They would repeat this valiant performance against the Nazi invaders some 130 years later.
Tolstoy wrote War and Peace in 1864, and it took him nearly six years to finish it. The book covers Russian history between the years 1812 and 1818, and takes in Russia's struggle against the French, including Napoleon's 1812 campaign which effectively destroyed his power.
It deals with the Russian upper class family life and it's near dis-integration through adversity, yet the traditional Slavonic pessimism is not allowed to dominate the novel and it ends on a note of hope.
War and Peace essentially deals with five Russian aristocratic families, but includes in it'it's pages over 500 characters; all of whom are delineated with amazing realism, even the dogs emerge as personalities.
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2 of 2 people found the following review helpful
5.0 out of 5 stars One of the greatest books of all time 6 Jan 2014
Format:Paperback|Verified Purchase
When you first set eyes on the book itself you may well be overcome with a sense of dread and the idea that it will take an eternity to finish. However, Tolstoy writes with wonderful depth but without grandiosity and complexity, allowing the reader to flow through the pages with ease and enjoyment. Every detail, every description and every word provides Tolstoy with the desire I think he wished for in his writing: to completely immerse the reader with the sense that they are actually at the Grand Balls; watching the terrible battles; experiencing the emotions of the multitude of characters. This truly is a masterpiece. I urge you with every cell in my body to read this book, you will not be disappointed.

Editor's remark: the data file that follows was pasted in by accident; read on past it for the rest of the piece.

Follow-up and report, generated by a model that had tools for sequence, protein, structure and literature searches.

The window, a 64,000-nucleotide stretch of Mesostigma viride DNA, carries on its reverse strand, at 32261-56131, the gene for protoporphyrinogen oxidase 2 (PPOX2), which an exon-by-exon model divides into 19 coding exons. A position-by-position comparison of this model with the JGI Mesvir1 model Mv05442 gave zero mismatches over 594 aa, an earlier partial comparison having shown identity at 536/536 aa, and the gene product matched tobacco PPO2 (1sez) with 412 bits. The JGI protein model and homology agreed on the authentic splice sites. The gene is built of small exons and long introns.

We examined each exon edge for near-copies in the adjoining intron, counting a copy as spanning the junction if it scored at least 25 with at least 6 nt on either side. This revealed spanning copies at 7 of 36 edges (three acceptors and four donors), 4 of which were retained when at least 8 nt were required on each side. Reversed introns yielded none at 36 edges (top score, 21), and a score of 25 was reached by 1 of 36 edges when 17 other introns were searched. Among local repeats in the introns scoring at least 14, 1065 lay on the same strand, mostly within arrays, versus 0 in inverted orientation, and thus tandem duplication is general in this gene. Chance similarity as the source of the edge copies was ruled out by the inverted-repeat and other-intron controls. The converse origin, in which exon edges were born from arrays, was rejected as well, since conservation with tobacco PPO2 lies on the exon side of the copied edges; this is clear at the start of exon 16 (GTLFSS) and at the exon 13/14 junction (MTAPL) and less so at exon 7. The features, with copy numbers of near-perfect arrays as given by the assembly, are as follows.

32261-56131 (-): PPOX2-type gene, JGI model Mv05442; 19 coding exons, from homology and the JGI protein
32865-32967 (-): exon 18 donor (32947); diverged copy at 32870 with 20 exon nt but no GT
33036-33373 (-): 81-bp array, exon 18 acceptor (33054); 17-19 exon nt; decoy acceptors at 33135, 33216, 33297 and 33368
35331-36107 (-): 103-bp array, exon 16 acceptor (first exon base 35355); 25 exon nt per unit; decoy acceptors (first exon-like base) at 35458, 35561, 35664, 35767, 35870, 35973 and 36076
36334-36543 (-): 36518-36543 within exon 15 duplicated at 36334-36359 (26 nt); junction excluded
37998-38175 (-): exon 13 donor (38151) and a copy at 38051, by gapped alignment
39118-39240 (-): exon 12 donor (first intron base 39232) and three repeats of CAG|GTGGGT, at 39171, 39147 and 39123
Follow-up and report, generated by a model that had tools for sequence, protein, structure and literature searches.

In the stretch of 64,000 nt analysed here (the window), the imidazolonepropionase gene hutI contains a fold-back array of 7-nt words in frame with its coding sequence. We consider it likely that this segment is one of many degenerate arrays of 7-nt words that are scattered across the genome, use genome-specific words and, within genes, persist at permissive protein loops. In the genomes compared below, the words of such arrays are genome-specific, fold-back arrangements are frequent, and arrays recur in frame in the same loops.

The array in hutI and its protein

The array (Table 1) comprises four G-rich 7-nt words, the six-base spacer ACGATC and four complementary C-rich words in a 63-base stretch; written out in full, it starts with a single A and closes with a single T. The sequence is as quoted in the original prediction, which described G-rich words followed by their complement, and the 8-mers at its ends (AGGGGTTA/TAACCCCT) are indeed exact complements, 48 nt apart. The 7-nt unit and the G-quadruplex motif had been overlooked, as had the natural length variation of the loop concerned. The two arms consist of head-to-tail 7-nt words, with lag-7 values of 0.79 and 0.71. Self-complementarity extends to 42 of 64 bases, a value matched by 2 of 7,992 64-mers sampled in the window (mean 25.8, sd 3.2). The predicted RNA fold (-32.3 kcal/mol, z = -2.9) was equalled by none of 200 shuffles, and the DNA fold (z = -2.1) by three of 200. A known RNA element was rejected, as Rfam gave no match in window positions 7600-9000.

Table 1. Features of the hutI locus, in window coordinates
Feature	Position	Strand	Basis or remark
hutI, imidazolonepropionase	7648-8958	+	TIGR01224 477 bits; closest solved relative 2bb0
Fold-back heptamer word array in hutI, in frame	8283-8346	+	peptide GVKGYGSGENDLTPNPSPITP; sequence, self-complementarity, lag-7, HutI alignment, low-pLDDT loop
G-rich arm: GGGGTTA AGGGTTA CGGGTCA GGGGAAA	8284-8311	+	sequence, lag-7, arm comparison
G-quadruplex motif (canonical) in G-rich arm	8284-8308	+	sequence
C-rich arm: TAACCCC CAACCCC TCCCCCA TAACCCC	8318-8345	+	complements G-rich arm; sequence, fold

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2 of 2 people found the following review helpful
5.0 out of 5 stars I managed to read it all. 17 Jan 2014
War and Peace tends to be regarded as the third great work of world literature; having read all of the Bible and all of Shakespeare I figured that someday I would read this, but having spent my entire adult life caring for my mother, I never found the opportunity. When my mother died, I decided now was the time. It isn't possible to sum up a book of this size in a paragraph so I won't try. I will only say that it is superbly written and very easy to read. My advice is: don't be intimidated by the size, dive in and start reading, you'll be fascinated with it from the first chapters.
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1 of 1 people found the following review helpful
5.0 out of 5 stars Truly Wonderful 14 Mar 2013
Format:Kindle Edition|Verified Purchase
No point in repeating countless opinions. It is a joy from page to page with the added bonus of exceptional historical insight and cynicism (of people and their influence on events).
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1 of 1 people found the following review helpful
Format:Paperback|Verified Purchase
I bought the penguin classic for my mum and then got the Oxford classic for myself as seemed to be more positive feedback and I like how they keep french in the text with translation in the footnote. My mum has just finished hers, took her just over 2 months and she thought it an excellent read. I'm looking forward to getting stuck into it and comparing notes with her.